But wait, a singer is born with a voice right? How much control can you have over your own voice?
More than you think. What most people don’t know is that Frank Sinatra had to work to develop his iconic sound – that he consciously spent years working on his tone and vocal technique.
Early on he studied with former MET opera singer John Quinlan to develop the foundation of his vocal technique. Listen to him talking about those exercises here:
Aside from his technique he also worked on the musicality of his singing. He listened to other vocalists like Billie Holiday for inspiration…
And he crafted his approach from instrumentalists as well.
“My greatest teacher was not a vocal coach, but the way Tommy Dorsey breathed and phrased on the trombone.”~Frank Sinatra
It’s easy to say that Sinatra was a natural or talented, but you’d be ignoring the years of dedication that he put in developing his craft.
Mark Turner: Developing a new sound
Every few years certain players pop up on the scene.
They generate a lot of buzz and to the outside observer they appear to be an overnight success. Winning competitions, possessing impressive talent and a showcasing a developed artistic vision.
But if you look closely, you’ll find that this overnight success happened to be a decade long “overnight.”
One of these players is the tenor saxophonist Mark Turner.
He has an immediately recognizable sound and a distinct approach to melody. But how did he develop this approach, from talent?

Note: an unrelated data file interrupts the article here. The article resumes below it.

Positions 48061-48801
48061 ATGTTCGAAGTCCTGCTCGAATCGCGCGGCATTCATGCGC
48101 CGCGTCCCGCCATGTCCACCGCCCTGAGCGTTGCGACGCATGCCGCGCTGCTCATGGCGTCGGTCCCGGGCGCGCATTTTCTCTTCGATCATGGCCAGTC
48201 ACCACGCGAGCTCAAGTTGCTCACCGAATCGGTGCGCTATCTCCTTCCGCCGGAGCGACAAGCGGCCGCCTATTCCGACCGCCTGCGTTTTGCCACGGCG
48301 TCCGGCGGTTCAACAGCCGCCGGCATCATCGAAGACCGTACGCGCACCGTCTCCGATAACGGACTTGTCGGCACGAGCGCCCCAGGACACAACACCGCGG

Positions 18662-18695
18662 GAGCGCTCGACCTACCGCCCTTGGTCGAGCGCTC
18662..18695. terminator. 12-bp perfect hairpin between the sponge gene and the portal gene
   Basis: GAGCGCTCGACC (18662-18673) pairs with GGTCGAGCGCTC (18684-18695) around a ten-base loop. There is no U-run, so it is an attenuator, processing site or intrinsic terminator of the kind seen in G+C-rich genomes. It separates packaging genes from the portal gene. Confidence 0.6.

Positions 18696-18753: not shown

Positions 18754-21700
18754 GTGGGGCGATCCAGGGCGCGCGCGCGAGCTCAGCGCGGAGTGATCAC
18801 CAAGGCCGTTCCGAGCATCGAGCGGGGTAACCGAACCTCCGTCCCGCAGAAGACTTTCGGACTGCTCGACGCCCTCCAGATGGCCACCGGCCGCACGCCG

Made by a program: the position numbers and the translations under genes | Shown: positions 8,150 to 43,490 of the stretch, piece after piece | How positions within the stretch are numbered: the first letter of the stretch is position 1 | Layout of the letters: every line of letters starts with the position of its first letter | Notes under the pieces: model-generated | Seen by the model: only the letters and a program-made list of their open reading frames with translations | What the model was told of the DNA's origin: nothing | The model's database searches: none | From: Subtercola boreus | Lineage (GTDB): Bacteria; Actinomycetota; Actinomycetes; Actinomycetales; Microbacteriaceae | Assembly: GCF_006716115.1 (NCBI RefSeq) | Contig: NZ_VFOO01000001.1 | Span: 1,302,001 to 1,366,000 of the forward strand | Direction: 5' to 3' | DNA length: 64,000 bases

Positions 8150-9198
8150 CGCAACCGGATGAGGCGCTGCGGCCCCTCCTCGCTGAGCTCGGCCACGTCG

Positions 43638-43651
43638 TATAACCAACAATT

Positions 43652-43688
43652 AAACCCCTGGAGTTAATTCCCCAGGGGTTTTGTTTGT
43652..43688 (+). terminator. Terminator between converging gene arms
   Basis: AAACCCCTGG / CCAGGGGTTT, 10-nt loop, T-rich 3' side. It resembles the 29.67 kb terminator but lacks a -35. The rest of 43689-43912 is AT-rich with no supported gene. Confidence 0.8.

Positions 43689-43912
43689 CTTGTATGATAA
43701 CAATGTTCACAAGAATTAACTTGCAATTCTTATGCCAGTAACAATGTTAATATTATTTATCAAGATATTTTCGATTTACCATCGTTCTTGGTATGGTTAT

Not exactly. Here is Mark describing his development in his own words…
Much of that (harmonic sensibility, horn range) were things that came after Berklee. Although the foundation started there. After transcribing a lot I had learned from that process, things other than vocabulary such as voice leading/harmony, note groupings, ornamentation, pacing, phrasing, swing/time, sound. Transcribing helped me to learn how to assimilate/integrate information in my own way. So I tried to find ways to combine/continue these things without transcribing. For example play a two five with voice leading( two to six voices all smooth voice leading), see all common tones including all alterations/change of chord color, change cadence with final chord the same, keep cadence change final chord, use note grouping of some type, triads, intervals, use ornamentation etc. Range came out of necessity. There were things I wanted to play that required it. So these are all things that I still work on…